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Congratulations to Aaron Wise backers at Trinity Forest. Available at anything up to 50/1 (with Unibet) pre-tournament, I’m sure there were plenty of you who were on board the talented and extremely mature 21 year-old. The conveyor belt of young talent is exceptional in these modern golf times. We pretty much covered the week with Branden Grace each-way at 25/1 – the South African finished like an express train and but for a costly Saturday double bogey at the 15th, he would have been more of a threat. Trinity Forest was a breath of fresh air as a host course and when the wind gets up in future renewals it will certainly offer up a stern test.
Congratulations also goes out to our European Tour expert Paul Williams, who landed another winner in the form of Adrian Otaegui at 33/1 at the Belgian Knockout. No mean feat that at a new tournament, on a new course to the European Tour and with a never seen before tournament format!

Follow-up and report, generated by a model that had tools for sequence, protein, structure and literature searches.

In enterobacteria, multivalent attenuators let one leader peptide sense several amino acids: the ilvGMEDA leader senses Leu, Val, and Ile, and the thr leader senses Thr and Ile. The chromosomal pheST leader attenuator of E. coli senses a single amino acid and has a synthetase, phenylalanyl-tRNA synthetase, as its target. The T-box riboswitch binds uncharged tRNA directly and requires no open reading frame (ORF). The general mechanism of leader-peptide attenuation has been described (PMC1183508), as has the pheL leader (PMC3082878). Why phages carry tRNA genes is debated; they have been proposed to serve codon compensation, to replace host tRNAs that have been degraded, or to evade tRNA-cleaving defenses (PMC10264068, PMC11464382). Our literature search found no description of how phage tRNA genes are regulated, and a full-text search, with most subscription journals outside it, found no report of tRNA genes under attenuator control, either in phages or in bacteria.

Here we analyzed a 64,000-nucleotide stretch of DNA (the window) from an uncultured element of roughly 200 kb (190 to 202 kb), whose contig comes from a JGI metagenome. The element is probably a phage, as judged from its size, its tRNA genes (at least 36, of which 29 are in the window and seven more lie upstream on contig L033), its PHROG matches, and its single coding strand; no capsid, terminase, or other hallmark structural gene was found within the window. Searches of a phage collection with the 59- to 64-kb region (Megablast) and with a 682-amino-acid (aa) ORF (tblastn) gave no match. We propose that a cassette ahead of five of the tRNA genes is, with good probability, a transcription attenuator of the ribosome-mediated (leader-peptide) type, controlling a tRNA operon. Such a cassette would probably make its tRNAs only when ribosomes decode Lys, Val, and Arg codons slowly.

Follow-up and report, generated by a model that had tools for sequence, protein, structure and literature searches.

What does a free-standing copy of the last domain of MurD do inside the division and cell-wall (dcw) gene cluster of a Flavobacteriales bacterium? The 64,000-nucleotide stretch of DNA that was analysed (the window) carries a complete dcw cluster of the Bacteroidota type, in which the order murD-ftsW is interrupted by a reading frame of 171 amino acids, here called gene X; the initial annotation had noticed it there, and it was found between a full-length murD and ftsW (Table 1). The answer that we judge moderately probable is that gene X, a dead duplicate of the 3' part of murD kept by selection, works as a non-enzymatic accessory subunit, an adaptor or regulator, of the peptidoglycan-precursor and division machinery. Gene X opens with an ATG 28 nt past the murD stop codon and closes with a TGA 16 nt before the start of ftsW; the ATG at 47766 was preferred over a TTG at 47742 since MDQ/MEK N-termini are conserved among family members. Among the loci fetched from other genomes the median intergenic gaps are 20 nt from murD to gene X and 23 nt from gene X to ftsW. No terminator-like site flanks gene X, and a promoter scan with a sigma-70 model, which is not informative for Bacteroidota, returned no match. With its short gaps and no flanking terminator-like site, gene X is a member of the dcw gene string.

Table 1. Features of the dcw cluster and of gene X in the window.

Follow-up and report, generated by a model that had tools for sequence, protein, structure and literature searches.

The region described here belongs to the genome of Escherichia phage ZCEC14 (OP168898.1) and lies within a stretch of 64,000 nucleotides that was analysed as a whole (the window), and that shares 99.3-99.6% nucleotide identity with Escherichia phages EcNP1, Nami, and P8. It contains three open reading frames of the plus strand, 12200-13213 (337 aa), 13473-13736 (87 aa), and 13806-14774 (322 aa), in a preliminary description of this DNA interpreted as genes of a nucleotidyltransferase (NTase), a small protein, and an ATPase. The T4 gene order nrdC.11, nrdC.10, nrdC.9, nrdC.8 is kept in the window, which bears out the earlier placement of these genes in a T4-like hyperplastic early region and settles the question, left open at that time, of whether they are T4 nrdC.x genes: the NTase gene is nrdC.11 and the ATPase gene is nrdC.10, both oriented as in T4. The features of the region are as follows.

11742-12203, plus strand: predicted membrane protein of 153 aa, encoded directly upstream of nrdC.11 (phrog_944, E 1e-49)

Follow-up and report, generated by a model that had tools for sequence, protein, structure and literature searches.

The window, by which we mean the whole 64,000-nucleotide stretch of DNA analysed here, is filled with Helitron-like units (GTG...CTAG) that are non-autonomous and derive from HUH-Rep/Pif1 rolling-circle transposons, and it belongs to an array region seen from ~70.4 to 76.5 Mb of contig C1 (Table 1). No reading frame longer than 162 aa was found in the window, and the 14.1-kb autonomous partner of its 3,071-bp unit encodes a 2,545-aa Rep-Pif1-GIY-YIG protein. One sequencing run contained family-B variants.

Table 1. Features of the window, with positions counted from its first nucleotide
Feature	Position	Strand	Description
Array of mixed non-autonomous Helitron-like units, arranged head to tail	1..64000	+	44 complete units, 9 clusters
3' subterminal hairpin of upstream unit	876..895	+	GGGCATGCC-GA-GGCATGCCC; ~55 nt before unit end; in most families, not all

Course Guide: Colonial CC sits in the same classical course category as Torrey Pines, Augusta, Riviera, Bay Hill, Quail Hollow and Muirfield. At 7,209 yards this Bredemus and Maxwell-designed par 70 cannot be overpowered. The tree-lined parkland course features pure Bentgrass greens that are extremely small at an average size of only 4,500 square feet. Birdies are hard to come by at Colonial with the 2 par-5s amongst the toughest on Tour to birdie or better. As we approach the close of May, after months of Bermudagrass greens it’s fantastic to see a tournament played on Bentgrass greens this week. Naturally now as we move towards summer, Bentgrass putting surfaces will be more regularly seen on the Tour.